I’m Ooozing Brain Fluid



I’ve sprung a leak.

My cerebrospinal fluid — the stuff one’s brain floats in — is oozing into places it’s not supposed to go.

My dura, the protective membrane that seals off the skull and the delicate gray matter inside, has a hole in it.

The dura typically comes with a lifetime warranty. The damn thing isn’t supposed to leak. Ever.

I guess my warranty expired.

Dear Reader, as you know, I’ve been writing this blog retroactively. There’s typically about a five-week gap between each entry and the events it describes. But I’ve decided to write about the leak in the here and now.

It feels kind of urgent. It’s scaring the hell out of me.

The fluid has pooled between my dura and my scalp, forming a large egg-like lump just in time for Easter. I first noticed it about a week ago, and it’s been getting worse ever since.

Now it looks like Big Bird’s Easter offering.

Dr. Ryder Gwinn warned me that people who undergo a cranial decompression — the delightful procedure that I experienced in order to banish my facial twitch — have about a 3 percent chance of leaking spinal fluid.

Three percent sounded like good odds. The chances of losing hearing in one ear were about the same.

Did I mention that I’ve lost most of the hearing in my right ear? They say it should come back. Sometime. Maybe.

Consider me lucky. At least brain fluid isn’t oozing from my ears, eyes and nose, as is often the case in these situations.

The enormous lump on the back of my head feels like it’s full of Jello. I imagine it’s lime green, but I have no idea.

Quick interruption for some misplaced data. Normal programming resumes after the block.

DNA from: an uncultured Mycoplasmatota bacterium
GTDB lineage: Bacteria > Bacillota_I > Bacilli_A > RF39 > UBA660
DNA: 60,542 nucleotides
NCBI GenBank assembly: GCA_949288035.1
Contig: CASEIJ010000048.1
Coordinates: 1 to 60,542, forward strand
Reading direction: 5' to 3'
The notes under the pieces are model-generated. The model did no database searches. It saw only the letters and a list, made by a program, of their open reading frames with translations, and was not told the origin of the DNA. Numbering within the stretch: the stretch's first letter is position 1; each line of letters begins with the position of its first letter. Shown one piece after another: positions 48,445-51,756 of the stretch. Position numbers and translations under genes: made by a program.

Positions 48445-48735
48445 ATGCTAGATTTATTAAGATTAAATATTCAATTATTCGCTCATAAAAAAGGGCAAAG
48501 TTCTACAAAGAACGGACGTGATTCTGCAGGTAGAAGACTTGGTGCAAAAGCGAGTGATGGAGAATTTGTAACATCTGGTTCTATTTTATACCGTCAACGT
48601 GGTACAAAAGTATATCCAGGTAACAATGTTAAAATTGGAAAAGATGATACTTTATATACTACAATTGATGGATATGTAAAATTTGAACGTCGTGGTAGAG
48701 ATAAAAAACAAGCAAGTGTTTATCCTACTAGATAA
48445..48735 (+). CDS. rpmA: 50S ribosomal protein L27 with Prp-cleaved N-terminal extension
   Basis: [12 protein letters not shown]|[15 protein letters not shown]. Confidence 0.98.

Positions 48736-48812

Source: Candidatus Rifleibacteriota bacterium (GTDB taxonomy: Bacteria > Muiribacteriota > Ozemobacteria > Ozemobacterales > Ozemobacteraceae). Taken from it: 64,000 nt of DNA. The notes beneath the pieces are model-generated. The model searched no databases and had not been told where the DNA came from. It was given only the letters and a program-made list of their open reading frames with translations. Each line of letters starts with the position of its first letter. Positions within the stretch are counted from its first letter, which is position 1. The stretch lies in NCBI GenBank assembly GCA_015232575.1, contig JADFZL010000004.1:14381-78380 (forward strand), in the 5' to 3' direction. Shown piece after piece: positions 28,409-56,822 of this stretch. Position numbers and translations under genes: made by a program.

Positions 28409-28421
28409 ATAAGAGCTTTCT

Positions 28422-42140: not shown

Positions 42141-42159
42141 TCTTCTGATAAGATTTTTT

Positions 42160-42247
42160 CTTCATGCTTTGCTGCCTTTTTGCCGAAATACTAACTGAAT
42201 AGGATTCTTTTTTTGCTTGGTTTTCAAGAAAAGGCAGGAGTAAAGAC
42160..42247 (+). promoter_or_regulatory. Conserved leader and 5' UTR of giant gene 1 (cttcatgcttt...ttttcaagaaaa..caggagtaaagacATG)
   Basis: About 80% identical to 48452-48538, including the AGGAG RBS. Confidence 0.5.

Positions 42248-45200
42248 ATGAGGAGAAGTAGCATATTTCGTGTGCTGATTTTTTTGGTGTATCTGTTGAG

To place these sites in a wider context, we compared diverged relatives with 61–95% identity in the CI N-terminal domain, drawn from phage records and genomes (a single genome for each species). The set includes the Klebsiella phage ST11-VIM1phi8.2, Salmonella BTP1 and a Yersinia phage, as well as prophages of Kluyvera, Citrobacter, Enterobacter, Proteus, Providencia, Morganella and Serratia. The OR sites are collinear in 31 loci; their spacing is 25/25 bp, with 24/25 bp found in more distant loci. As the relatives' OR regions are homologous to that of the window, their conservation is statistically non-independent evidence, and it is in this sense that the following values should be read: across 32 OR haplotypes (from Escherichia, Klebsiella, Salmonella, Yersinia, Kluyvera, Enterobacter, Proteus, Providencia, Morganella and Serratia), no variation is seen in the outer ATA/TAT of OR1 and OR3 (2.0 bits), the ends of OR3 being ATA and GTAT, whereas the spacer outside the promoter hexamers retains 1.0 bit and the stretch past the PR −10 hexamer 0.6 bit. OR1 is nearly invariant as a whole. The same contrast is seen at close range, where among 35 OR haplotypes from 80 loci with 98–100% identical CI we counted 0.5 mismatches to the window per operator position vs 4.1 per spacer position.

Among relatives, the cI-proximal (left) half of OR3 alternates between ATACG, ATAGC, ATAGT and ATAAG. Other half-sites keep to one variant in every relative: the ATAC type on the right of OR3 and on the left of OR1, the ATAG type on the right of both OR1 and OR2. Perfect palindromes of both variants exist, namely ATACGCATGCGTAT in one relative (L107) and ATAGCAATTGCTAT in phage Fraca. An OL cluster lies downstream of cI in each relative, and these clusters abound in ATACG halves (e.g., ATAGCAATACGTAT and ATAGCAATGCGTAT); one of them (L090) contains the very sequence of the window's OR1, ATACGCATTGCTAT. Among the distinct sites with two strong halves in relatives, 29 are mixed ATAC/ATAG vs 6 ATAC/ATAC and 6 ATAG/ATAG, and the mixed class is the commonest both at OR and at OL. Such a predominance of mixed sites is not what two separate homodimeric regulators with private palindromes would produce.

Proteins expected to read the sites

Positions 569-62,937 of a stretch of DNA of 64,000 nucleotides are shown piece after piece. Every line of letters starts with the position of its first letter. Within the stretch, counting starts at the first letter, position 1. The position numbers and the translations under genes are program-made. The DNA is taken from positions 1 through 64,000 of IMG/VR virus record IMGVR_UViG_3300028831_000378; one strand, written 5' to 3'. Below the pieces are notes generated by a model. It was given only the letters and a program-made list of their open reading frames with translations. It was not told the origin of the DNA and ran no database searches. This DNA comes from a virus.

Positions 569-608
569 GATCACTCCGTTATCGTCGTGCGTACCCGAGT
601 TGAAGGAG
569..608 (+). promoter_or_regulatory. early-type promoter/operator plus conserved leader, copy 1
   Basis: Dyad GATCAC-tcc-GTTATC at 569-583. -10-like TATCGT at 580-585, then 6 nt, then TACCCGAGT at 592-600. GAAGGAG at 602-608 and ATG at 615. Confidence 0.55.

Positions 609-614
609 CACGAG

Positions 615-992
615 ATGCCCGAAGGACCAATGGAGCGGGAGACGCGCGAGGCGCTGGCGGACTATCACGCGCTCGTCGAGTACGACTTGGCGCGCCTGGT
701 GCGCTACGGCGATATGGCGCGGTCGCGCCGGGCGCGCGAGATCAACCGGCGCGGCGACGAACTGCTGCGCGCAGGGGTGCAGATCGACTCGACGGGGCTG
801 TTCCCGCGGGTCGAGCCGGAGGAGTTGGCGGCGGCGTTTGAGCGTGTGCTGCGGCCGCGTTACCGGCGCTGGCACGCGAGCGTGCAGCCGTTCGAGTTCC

At the moment, it’s dammed into a corner of my skull, just behind my right ear, where it’s not likely to do any harm. If it somehow managed to ooze into my inner ear, however, I’d be at risk of serious brain damage.

Now there’s something to look forward to.

The doctors assure me this is extremely unlikely to happen and, for some reason, I believe them.

Their next task is to get the errant goo back where it belongs.

They’ve got three strategies:

  • A head wrap. They wrap a bandage around my head in an effort to squeeze the goo back through the hole in my dura. When the goo-filled area dries out, the scalp and the dura are pressed together and the hole seals itself up.
  • A spinal drip. They open up the bottom of my spine and let the extra fluid drip out. This requires a three-day hospital stay.
  • More brain surgery. The mad scientists open up my head yet again and seal the hole, and I go through this entire ordeal all over again.

I’m going to visit Dr. Gwinn tomorrow and he’s going to wrap up my head. I really hope this has the desired effect, because options two and three sound ghastly.

I was just starting to feel fully recovered, aside from the hearing loss, when I discovered this Easter surprise.

I’m not sure how long I have to wear the Frankenstein wrap.

At least I’m not twitching.

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